Zundfolge / Editorial

The Reason We Drive

By Andy Wiest | July 28th, 2022
Drei and GonzoDrei and Gonzo

The Reason We Drive

“Life is too short to drive boring cars” Anonymous

I recently was fortunate enough to acquire what has been my dream car for about eight years – a 2013 E93 M3 in Space Gray Metallic. And after six months of ownership, it got me to thinking about the emotional attachment we have with our chosen machines. Why do some grab us in certain ways? Why do others affect us in other, very different ways? Why do we typically dislike the standard “gets me from A-B” “cookie cutter” cars? Well, I’ll tell you my story. I am sure you have yours.

I fell in love with the E9X series when I purchased my 2008 335i (named DREI – German for “three.” I’m apparently not very creative) way back in 2011. My income bracket didn’t (and still doesn’t) really enable me buying BMWs new, at least for the number of BMWs I apparently want to own – I currently have five. (Yes, I have a problem). That car now has 187K on the odometer and I have enjoyed the heck out of it for the past ten years. The N54 engine is a lot of fun and reasonably reliable once you proactively replace some key parts and stay ahead on the maintenance. But I yearned for the M3 version of my car. It was more aggressive looking. It was a true M Car (before they started watering the brand down with putting “M-sport” and the ///M emblem on everything strictly as a marketing tool – but that’s a whole other article). It had a naturally aspirated V8 that was inspired by BMW engines from their foray into F1 (now likely to be BMW’s last *ever* NA V8). But I’d never driven one, and I know that sometimes it isn’t good to meet your heroes. In this case, it absolutely was. From the trepidatious test drive at the dealer to now, six months later, the experience was both wonderfully familiar (since I had an E93 335i) and viscerally different (because of the engine and dynamic differences between the cars). In truth, I was kind of worried I wouldn’t fall in love with it, but it was the driving *experience* that won me over. The sound of the V8, the way it delivers power very differently than the 335 (or my 135i N55 powered track car), the way the suspension feels and sets in corners. A relationship was born. I know it is technically underpowered now, compared to the more modern M cars. That’s the nature of progress. As I mentioned in a previous article (https://bmw-club-psr.org/zundfolge/2022/04/two-days-in-the-desert/ ), I got to drive the latest M2CS, M4CS, and M5CS on the track in Palm Springs this year. They were incredible machines. But they still don’t “do it” for me for a daily driver or road tour experience like the M3 does. And it’s not a manual thing (I know I may lose the dedicated “save the manual” reading audience at this point – stay with me). I like the DCT. I can loaf in traffic in auto, or have some fun with the paddles. I know how to use and enjoy a manual, but on this car, the DCT really works for me. And, the fact that the M3 and my track car have the same transmission naturally got me thinking about how I feel about the driving experience of the two machines. Don’t get me wrong, I love EINS, my track car. I wrote a Bimmerlife article about it (https://bimmerlife.com/publications/2022-spring-summer-pr/ ). But in my mind, it is a fun precision tool, not really a car I relate with in the same emotional way I do with the M3. The track car is tauter, more focused, about the same HP and definitely more torquey. But I don’t connect with it like I do with the M3. For those who don’t know, the S65 engine in the M3 is a high-revver, maxxing out at 8200 RPM. It generates about 400 HP but only 300 TQ. It’s actually quite lethargic below 3K (the N54 and N55 are definitely not!) But after that, it is like it comes alive in every way. I smile every time I roll on the power going up an onramp. We named this car, too. Well, my wife named it - “Gonzo” because of the hood bump and its resemblance to the prominent schnoz on the beloved Muppets character. The hood bump is not cosmetic, BTW - the engine would not fit if it didn’t have the bump. It’s functional. In a world of cars with fake vents, fake splitters, fake wings, and fake engine noise, form following function has a special appeal to me. Especially in an era where we have gone so far that high end car manufacturers are getting away with “Turbo” labels on EV’s (looking at you, Porsche!). Just another appeal of this “last of breed” M Car to me.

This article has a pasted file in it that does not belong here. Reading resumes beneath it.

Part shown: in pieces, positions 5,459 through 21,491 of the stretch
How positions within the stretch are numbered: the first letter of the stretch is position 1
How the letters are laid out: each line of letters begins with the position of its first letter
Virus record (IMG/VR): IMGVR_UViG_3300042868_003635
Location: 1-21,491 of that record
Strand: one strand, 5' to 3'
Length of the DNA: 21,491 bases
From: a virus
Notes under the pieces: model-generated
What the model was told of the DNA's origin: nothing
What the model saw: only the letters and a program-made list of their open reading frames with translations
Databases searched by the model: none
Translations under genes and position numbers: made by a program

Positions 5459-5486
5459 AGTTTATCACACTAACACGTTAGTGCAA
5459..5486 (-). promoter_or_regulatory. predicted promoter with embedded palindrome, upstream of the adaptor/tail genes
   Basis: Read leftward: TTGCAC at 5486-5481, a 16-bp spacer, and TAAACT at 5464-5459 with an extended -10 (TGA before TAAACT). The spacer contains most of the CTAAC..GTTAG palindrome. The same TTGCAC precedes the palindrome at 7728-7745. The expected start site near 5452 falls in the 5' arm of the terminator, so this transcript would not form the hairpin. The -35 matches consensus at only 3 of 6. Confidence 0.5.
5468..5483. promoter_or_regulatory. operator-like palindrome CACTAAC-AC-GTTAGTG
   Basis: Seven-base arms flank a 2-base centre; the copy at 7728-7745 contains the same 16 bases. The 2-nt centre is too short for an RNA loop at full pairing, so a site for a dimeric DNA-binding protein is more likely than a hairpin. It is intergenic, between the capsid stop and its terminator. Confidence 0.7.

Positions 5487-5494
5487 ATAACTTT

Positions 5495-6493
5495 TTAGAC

So what really makes Gonzo special? It’s so hard to quantify in words. I do understand the E30 M3 and 2002 fanatics much better now. I also imagine many of you have similar experiences with a particular car you have or had. Because we are car people. We emotionally connect with cars. It is really the reason we drive – it’s not just to get from point A to B. After pondering the situation, I think the best way I can sum it up is this: I can envision selling every other car I own. But I can’t envision ever selling Gonzo. It isn’t a stepping stone to something better. It is the “better” to me. Even if it is several generations behind the current crop. So, if you haven’t found your Gonzo (or Gonzos…you can love multiple cars - unlike polygamy, it’s legal), keep looking. Life is too short to drive boring, uninspiring cars that we don’t connect with emotionally. <insert naturally aspirated German V8 revving to 8k sound here>

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